Hello Lamija, I have encountered this situation numerous times (in an industry other than the one I am in currently). My approach to this, usually with success, was to define a clause wherein the distributor is given a very clear revenue/sales goal for a defined period of time (say, 6 months to one year) during which we would not grant exclusivity, nor would we actively seek another distributor. If the distributor met the clearly defined objectives, we would then negotiate an exclusive arrangement. Many factors contribute to this scenario, however, such as the relative size of the market, the number (or lack) of distributors in the sector, the risk associated with "betting" on a single player, cultural social/considerations, etc.
In short, exclusivity based on proven performance. I hope that proves helpful.
I have not used Open Book contracts, but as I understand open concept is applied to cost part. The contractor will share real cost with owner and get certain agreed profit margin over it. The contractor is not promising to do cheapest. Same time the performance obligation is not dropped, and contractor is required to provide the quality and warranty, if applicable. Open book would not imply cheapest at no performance assurance.
• Air Liquide
Thank you for your contribution.
To go further, the Contractor is compensated according to the number of working hours, time an hourly rate. The hourly rate depends upon the country of origin of the employee.
The contractual manning plan specifies the country of origin, and therefore the rate.
However, it happens that the actual country of origin may be different than the one specified in the contract
The question is:
Knowing that we have an "Open Book" contract, does the contractor has an obligation to invoice with the rate as per the contract's country of origin rate, or according to the actual country of origin rate?
As illustration, the contract mentions a project manager coming from France, whereas he actually comes from China. Which rate shall be used?
Thank you in advance
• ExxonMobil Nigeria
In response to your latest post, I think in order to avoid any form of dispute or confusion, there has to be a revision/addendum to the contract to explicitly state the rates for different nationals.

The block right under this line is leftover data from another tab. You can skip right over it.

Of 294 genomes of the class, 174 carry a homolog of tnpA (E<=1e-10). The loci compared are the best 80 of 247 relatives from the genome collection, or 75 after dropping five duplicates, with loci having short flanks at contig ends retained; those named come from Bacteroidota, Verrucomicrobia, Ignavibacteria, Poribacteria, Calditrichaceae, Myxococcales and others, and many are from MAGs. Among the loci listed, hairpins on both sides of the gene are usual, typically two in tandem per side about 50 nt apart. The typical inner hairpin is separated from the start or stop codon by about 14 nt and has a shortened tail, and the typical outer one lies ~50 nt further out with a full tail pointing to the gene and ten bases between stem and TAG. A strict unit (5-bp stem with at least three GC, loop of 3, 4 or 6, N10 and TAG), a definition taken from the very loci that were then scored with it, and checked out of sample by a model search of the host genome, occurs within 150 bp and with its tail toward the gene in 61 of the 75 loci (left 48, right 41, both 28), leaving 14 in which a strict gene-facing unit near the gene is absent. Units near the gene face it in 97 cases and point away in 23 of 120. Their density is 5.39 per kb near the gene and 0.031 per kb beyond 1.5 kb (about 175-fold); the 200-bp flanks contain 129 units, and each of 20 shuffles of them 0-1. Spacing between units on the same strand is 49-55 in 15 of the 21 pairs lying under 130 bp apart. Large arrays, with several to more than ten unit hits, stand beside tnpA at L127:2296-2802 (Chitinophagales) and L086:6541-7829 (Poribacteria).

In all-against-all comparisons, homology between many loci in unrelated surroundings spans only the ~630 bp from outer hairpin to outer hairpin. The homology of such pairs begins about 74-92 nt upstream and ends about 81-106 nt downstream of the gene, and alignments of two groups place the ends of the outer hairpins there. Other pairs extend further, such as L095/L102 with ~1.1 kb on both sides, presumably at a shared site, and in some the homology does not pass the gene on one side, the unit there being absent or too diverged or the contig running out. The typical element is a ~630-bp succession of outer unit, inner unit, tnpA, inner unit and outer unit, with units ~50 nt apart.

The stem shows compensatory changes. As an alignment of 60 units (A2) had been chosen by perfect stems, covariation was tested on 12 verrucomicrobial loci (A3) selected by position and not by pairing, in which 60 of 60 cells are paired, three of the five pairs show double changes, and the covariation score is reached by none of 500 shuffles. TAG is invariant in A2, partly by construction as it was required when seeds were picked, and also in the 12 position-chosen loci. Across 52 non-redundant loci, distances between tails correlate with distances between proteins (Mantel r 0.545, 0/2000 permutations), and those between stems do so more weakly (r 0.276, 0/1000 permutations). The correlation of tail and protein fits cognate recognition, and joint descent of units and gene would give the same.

I currently work on some contracts, not Open Book though but similar in scope and price structure to what you mentioned. In them, we have rates for Western expats, non- western expats and locals.
This makes it extremely easy for our contrcators to apply the right rate per personnel deployed for the service.
I hope this helps.
• Ministry of Defence
As said Open Book can have various interpretations. Commonly it means access to a supplier's financial information used for pricing.
I am a little surprised about the comment, presumably regarding the nationality of the Project Manager, either French or Chinese? I would have thought the ability of the individual is more important than the nationality and the contract would be priced on that basis? i.e. the services of a professional Project Manager.
• Air Liquide
You are correct, competence should prevail on Nationality (and then cost), but the client always want to get the cheapest, presuming that the competency is identical, which is clearly not always true.
• Legal and Commercial Training Limited
It is worrying to read that both parties have their own definition of "Open Book". There will be one contract between the parties and the term "Open Book" must be clearly and precisely defined.
New International Technology Co.
Institute of Business Ethics www.ibe.org.uk/ International Labour Organization on child labour www.ilo.org/ipec/lang-en/index.htm Ethical Trading Initiative www.ethicaltrade.org/ UN initiative for businesses who want to align their operations with ethical practices www.unglobalcompact.org/
In the UK, varies by location in the country. Outside of London 350 for CM practitioner, to 600 in the city.
• Nokia Networks
Hi Pippa, thank you for your response. just for clarity: we talk about 350 GBP per day (~8h), 600 GBP per day in London?
to me, this seems rather low. is this adminstrational work? I mean, no negotiation responsibility. no conceptional work?
• Ministry of Defence
There is an old saying about paying low salaries.
Maybe treat this like any other requirement and make it a competition to drive out the best available market rates. I suggest the big consultancy companies are likely to be higher than £600 a day. it could easily be triple this amount.
Get a tender out, and open it to smaller companies or individuals?
We have moved some of our Procurement & Construction projects from progress based payment to milestone based payments. The major reason was to motivate contractors to expedite milestone achievement, and get paid faster. However, we found that most of the time delay had come from owner, consultant, designer or suppliers (not under contractor). In those cases, contractor resisted to get paid nothing, for not their mistake. We had to amend few contracts to move back to progress payments, or we had to breakdown milestones into smaller units. For few projects, it went smooth and milestone payment were successful. So you may have to see what you can offer and what are your limitations, before introducing this change. A survey feedback from your routine contractors can also be helpful in decision making.